During both World War I and World War II, the northern area of the Firth of Clyde was protected by an anti-submarine boom which spanned the area between Cloch Point and Dunoon.
Visible in a World War II photograph of the Cloch Lighthouse, the boom can clearly be seen to originate from a location on the shore beneath the lighthouse and its buildings. The World War I boom is believed to have used the same location for its eastern fixing.
Based on local reports originating during World War II, the Dunoon end of the boom is believed to have been located on the shore area below the Rock Café, however there are currently no photographs of the installation to confirm this.
During World War I, the Dunoon end of the boom appears to have been located further to the south, past the pier, a location confirmed by a small picture which we received.
Vessels approaching the boom from the south would have been expected to halt before they reached it, and wait in an area defined as an Inspection Anchorage to the south of Toward Point, pending clearance to proceed. This requirement was not necessarily always obeyed, especially if the Captain was keen to make port, and observers would then call on the Toward Battery to fire a warning shot across the offender's bow, and alert them to their error.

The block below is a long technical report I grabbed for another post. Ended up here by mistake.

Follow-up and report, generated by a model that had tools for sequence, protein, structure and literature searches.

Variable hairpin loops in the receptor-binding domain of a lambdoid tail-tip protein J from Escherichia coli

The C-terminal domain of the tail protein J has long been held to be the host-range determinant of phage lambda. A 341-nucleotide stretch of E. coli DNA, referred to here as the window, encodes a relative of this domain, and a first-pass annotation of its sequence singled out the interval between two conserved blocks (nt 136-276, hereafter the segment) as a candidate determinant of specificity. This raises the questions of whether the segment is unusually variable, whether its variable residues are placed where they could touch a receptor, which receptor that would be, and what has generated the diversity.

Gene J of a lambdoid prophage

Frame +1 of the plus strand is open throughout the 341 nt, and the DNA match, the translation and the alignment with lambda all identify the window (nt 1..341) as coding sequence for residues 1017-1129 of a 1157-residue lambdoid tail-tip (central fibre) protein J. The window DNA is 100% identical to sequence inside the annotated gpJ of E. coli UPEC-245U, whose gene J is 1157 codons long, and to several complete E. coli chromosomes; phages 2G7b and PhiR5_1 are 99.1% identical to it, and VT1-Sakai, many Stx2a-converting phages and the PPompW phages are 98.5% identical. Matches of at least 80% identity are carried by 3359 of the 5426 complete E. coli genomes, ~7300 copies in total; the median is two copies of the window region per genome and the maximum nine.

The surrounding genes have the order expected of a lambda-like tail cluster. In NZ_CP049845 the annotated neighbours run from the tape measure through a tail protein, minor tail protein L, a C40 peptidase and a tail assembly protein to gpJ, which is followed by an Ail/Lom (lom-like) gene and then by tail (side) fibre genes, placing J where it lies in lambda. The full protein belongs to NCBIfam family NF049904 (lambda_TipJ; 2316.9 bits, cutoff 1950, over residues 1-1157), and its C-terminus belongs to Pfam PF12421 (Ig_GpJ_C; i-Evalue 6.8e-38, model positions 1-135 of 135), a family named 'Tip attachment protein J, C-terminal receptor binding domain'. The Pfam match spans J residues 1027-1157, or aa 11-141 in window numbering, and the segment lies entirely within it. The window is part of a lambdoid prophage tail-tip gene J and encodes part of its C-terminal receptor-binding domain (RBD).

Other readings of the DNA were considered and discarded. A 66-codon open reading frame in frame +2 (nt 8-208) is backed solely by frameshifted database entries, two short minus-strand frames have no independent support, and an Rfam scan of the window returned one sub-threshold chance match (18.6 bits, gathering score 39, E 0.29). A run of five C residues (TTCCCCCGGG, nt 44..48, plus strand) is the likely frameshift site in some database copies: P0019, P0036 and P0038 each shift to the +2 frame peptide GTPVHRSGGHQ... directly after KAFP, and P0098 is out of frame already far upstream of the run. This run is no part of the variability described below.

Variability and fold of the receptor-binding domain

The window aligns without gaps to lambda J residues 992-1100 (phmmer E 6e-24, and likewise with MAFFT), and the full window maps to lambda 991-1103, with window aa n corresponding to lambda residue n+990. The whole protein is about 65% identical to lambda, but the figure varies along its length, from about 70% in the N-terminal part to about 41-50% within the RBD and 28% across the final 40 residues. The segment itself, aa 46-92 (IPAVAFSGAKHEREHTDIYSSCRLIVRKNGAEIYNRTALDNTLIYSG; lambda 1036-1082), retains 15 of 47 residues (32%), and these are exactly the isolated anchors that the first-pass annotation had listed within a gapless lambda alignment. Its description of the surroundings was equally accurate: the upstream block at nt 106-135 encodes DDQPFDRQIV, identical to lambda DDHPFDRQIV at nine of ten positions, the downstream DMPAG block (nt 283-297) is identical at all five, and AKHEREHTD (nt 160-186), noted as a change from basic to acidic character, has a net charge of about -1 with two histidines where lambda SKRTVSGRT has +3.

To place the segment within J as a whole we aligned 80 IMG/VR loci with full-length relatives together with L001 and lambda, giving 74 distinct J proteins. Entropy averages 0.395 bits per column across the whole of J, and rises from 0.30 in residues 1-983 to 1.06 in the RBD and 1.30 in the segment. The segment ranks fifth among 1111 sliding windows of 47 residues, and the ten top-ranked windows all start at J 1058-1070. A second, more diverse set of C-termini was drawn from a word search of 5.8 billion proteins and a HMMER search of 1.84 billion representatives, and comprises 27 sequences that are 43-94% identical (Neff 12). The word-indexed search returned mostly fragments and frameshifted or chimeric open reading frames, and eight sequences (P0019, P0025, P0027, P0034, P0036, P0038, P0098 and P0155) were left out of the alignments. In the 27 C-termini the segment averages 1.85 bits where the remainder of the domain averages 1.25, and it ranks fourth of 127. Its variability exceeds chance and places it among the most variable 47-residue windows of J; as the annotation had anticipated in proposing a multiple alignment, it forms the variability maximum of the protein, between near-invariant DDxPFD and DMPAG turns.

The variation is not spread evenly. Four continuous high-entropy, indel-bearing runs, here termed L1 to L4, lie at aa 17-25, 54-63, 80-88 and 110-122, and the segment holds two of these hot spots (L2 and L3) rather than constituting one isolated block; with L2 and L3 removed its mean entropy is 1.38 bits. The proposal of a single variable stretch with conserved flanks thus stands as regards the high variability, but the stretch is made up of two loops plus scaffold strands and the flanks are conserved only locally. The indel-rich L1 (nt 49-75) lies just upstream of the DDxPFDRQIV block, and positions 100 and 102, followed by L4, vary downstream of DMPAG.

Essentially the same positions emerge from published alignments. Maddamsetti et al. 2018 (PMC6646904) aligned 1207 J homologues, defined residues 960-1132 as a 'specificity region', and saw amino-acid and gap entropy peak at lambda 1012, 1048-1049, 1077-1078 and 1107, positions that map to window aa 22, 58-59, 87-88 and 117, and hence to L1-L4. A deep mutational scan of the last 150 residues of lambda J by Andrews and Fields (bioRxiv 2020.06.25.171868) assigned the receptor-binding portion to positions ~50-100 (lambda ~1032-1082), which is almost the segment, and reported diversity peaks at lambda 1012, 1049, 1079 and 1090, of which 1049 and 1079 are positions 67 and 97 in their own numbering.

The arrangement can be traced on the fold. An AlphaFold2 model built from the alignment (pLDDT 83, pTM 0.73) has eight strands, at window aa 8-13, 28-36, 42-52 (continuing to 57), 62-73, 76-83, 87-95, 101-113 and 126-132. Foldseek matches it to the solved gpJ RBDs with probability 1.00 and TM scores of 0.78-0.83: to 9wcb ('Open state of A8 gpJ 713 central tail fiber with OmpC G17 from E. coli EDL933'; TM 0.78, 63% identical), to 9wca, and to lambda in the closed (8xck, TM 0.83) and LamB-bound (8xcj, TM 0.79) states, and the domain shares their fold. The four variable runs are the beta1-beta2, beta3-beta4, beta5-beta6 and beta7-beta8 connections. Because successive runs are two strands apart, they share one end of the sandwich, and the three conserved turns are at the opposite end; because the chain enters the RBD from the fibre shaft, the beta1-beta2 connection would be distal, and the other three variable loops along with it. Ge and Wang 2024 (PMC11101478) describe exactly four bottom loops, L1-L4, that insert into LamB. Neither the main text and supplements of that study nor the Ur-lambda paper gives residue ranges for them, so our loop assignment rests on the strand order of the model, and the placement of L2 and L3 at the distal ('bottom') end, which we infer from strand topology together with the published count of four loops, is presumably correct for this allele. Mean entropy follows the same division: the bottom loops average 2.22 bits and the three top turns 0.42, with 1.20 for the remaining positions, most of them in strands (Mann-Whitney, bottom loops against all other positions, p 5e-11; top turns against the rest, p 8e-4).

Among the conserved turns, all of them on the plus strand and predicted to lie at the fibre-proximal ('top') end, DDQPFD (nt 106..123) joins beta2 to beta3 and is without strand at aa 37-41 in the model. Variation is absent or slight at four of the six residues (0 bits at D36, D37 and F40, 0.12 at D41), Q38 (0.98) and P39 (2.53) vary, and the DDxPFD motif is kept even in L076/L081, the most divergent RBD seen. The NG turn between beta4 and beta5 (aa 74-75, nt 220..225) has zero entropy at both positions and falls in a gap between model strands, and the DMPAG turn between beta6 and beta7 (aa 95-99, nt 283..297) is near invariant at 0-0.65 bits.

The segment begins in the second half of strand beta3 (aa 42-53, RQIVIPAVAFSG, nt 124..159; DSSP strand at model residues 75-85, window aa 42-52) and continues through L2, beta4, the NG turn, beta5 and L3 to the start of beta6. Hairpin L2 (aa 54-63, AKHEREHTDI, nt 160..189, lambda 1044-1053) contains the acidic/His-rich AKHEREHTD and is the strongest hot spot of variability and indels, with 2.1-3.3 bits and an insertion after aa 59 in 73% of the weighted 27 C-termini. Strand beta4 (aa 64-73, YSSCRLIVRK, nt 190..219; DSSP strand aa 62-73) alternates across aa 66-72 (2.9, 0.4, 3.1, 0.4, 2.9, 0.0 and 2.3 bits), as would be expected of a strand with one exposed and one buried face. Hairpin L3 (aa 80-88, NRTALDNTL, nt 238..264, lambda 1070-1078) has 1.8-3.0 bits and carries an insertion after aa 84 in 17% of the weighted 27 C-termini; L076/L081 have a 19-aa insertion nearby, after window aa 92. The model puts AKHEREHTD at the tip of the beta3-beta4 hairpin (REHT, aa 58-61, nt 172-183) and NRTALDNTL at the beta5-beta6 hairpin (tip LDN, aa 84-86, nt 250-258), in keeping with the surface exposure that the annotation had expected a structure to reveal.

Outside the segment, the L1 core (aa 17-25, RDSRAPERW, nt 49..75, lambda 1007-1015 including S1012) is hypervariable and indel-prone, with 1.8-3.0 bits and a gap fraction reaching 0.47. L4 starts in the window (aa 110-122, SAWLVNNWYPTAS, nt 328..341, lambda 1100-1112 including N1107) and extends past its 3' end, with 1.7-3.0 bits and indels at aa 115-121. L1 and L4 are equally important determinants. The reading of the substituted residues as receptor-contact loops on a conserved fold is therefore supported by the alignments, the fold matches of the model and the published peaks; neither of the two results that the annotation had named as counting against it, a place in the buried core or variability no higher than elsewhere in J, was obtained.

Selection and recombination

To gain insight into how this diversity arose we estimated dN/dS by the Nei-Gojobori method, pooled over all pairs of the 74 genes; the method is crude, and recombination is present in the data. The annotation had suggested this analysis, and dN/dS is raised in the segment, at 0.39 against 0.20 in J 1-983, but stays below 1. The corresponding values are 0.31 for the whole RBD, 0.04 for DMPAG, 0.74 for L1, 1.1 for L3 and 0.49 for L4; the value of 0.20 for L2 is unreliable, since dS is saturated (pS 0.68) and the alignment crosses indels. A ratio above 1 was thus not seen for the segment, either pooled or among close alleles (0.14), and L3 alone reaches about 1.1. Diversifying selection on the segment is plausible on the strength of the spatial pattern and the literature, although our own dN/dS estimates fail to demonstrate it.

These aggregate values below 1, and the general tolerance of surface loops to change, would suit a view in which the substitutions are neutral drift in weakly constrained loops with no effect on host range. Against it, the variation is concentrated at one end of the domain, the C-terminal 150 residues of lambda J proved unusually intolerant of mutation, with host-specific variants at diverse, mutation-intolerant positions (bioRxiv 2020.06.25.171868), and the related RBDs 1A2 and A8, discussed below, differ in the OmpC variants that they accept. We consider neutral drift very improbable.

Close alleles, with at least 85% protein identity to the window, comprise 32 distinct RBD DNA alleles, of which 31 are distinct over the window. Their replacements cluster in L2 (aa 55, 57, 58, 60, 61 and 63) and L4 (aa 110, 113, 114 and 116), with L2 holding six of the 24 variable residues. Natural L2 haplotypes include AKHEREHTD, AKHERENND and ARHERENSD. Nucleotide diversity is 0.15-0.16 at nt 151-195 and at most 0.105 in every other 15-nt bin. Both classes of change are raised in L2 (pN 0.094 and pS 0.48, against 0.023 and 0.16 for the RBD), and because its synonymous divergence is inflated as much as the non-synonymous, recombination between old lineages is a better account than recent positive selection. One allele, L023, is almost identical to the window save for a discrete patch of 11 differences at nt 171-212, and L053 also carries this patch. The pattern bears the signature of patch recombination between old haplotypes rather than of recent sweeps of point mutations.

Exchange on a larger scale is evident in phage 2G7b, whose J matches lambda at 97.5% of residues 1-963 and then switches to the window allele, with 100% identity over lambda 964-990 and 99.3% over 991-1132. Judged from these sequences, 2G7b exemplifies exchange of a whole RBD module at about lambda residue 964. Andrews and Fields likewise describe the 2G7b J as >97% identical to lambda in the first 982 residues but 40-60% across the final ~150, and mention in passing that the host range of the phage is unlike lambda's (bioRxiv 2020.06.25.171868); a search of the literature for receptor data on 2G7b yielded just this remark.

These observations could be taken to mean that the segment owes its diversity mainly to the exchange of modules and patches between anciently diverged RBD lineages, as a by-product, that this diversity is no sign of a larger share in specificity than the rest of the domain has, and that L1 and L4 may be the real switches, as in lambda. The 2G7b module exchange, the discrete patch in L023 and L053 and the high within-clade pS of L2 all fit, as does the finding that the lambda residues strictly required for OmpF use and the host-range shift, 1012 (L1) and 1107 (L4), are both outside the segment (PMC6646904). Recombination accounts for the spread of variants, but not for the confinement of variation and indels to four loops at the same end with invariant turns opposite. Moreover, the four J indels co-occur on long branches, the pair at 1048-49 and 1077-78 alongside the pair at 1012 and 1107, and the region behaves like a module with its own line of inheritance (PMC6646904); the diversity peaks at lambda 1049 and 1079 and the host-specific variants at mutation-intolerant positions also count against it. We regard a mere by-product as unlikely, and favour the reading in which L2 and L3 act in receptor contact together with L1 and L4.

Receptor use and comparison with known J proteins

The presence of the boom also affected the firth's steamer services, since direct routes from the upper to the lower firth were no longer possible. Services were reorganised, with one fleet of ships carrying traffic north of the boom and another to the south, with new timetables being put into effect. Mail for Kintyre and Bute which was formerly carried by steamer from Gourock was also disrupted, and had to be transhipped at Wemyss Bay.
During World War I and World War II, Cloch Point was also home to a number of related installations which formed a Coastal Battery, mostly lost beneath a caravan park which was developed on the site, further described on the Cloch Point Battery page.
A site visit carried out during 2007 revealed variations from the RCAHMS reports, together with additional information.
On the shore below the lighthouse is a large concrete block with a heavy steel girder set into it at an angle of about 15°, suggesting it was designed to take a horizontal load - this is assumed to be the shore anchor for one of the booms. The remains of a second block lie some 20 metres south of the first, and are now badly decomposed, and may be the end of the outer boom net. These locations are generally consistent with the position of the boom as it appears in period photographs, but there is no indication of whether they relate to either the World War I or World War II installations, or if the same fixings were used for both. The obvious assumption may probably be correct, and the old rusty anchor dates to World War I, while the less corroded anchor dates to World War II.
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